Written by Margaret M. Burke
Charlotte Hungerford Hospital, in partnership with Hartford HealthCare’s Ayer Neuroscience Institute, is expected to open a new Hartford HealthCare HealthCenter in the coming months. It will be located at 1914 East Main Street in Torrington. The building, formerly a Bed, Bath & Beyond, has been extensively renovated to ultimately provide 23,500 square feet for outpatient medical subspecialty care. It is conveniently located in a shopping plaza just off of Route 8 and has plenty of free parking.
The center will open in phases. The first phase, which encompasses 7,000 square feet, will include a galleria area and the co-location of adult neuroscience specialties: neurology, neuromuscular diseases, epilepsy, neurosurgery and movement disorders (including the Chase Family Movement Disorders Center). There will be neuroscience physicians and physician assistants in the new space.
“We are incredibly proud to bring a breadth of neuroscience services under one roof, in a new state-of-the-art space,” said Bimal Patel, president of Charlotte Hungerford Hospital and senior vice president of Hartford HealthCare. “This facility provides access to the area’s top experts and latest treatments in a convenient setting to best meet the needs of our patients.”
The existing neurology offices in Winsted, Thomaston and Torrington will move to the new building. “Torrington was already a hub for lots of services like rehabilitation, physical therapy, occupational therapy and speech therapy, so it makes sense to have medical care there as well,” explained Dr. Benjamin Dorfman, who specializes in the treatment of movement disorders. He will be one of the full-time physicians at the new center.
The co-location of neuroscience services into a newly designed large space is expected to greatly benefit patients, especially those who receive care from more than one neuroscience subspecialist.
“I think the advantage of the new space is that it brings all these neurological subspecialties under one roof,” said Dr. Hugh Cahill, medical director of neurology for Charlotte Hungerford Hospital. “Neurologic care involves a team approach with different subsets of specialties contributing to the overall care of the patient. Having everyone under one roof allows better communication between doctors and nurses, the technologists, and other team members.”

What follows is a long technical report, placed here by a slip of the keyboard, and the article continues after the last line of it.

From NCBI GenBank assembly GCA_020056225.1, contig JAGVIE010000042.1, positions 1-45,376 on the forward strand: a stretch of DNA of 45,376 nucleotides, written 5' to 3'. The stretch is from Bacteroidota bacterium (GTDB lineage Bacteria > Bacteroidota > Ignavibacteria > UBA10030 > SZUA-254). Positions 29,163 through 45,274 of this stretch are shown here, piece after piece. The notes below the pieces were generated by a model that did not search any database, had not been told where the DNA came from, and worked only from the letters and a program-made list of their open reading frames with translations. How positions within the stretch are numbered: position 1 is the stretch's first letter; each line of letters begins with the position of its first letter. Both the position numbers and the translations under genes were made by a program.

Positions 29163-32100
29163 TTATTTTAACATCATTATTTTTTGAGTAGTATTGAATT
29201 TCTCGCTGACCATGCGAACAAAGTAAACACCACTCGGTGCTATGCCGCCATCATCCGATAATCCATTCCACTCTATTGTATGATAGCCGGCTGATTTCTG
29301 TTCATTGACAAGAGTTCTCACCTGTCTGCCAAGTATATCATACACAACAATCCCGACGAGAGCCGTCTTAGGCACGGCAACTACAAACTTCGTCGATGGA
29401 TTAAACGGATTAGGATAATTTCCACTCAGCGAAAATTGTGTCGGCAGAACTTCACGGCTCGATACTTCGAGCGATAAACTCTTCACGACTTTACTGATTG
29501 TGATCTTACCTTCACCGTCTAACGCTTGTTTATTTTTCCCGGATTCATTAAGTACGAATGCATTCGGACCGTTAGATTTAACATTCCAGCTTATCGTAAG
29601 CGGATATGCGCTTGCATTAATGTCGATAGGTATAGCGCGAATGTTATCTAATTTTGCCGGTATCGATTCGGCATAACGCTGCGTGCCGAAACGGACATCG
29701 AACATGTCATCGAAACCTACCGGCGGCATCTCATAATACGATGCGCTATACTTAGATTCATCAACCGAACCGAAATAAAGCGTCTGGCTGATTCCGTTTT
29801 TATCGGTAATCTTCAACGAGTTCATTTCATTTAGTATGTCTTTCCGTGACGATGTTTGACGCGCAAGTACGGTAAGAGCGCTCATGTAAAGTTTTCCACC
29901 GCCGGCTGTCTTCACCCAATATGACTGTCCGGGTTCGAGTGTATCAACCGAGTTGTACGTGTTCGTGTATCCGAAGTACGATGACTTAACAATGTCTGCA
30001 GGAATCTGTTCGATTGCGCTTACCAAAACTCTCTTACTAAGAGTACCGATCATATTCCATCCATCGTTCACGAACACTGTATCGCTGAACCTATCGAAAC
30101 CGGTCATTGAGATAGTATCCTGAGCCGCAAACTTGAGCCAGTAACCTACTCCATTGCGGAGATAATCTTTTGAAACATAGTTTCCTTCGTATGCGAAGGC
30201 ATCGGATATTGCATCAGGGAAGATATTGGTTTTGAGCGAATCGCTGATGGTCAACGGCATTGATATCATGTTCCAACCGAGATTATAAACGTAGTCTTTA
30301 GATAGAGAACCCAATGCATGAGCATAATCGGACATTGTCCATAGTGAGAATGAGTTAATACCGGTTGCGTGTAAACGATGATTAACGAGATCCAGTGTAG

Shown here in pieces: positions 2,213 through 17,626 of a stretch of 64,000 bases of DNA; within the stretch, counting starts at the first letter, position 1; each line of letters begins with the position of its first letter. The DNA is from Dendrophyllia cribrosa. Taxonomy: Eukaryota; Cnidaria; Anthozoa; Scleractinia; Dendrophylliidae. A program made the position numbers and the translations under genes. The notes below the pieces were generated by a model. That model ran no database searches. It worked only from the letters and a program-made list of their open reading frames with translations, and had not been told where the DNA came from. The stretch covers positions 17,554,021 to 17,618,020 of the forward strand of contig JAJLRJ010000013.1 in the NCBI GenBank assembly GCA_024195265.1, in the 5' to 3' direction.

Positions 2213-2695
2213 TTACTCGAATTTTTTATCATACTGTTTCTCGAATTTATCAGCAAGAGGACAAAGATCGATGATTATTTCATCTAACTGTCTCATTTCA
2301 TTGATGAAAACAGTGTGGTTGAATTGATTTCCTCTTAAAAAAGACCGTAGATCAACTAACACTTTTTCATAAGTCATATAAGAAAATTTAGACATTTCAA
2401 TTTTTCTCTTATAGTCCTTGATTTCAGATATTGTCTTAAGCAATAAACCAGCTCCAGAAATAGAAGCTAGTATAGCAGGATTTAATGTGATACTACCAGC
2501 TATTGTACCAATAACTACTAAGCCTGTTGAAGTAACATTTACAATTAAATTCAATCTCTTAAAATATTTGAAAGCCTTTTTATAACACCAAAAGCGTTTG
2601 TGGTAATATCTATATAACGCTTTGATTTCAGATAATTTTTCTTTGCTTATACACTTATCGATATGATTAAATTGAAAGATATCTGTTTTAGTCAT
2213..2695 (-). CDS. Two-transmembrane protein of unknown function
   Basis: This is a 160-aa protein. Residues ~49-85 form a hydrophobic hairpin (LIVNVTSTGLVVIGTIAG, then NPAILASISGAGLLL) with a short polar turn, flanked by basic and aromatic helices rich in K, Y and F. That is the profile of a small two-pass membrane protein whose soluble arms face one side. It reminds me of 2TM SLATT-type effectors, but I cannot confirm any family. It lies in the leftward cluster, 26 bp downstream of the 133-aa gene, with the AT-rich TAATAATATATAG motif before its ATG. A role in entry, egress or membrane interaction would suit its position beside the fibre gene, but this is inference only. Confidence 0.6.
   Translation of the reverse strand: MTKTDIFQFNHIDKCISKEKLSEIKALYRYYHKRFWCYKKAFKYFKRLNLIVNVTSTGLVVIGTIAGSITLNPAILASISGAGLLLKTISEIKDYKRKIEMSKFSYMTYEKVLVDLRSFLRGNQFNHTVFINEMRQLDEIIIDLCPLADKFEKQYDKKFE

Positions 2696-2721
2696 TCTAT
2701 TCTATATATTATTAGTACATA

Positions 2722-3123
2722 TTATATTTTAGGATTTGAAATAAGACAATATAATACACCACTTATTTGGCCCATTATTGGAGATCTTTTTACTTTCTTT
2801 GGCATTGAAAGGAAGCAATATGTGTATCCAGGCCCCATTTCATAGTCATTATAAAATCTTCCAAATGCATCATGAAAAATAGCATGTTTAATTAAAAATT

“I think co-location is always a good thing for patients because it makes it easier to pool resources in one location and give people access to multiple specialists without having to travel to different sites every single time,” said Dr. Dorfman, who agreed that the move will be a big advantage for his patients.
Dr. Dorfman also pointed out that the building has been specifically designed with their patients in mind. Individuals with movement disorders such as Parkinson’s disease or those who are recovering from a stroke often have difficulty moving and may require a walker or wheelchair. The new center is on one level with highly accessible entrances and exits. It has well-designed, spacious treatment rooms containing updated equipment.
“Most of my training was in older buildings. You can really feel the difference when things are cramped and there isn’t much room for moving things around to make it comfortable,” continued Dr. Dorfman. He said the designers really paid attention to the details, down to picking the right kind of furniture, like chairs that are easier for patients to get in and out of.
Patient Populations and Services
The neuroscience specialty physicians care for many different types of patients. Dr. Cahill specializes in the care of patients with seizures, strokes or headache disorders. He explained that their group cares for hundreds of patients who have had a stroke, especially since Charlotte Hungerford Hospital was designated a primary stroke center in 2022. Prior to that, a patient presenting to the Emergency Department with symptoms of a stroke would have to be transferred to Hartford Hospital. Now a patient can receive all their acute stroke care at Charlotte Hungerford Hospital. The follow-up care will all be consolidated at the new center.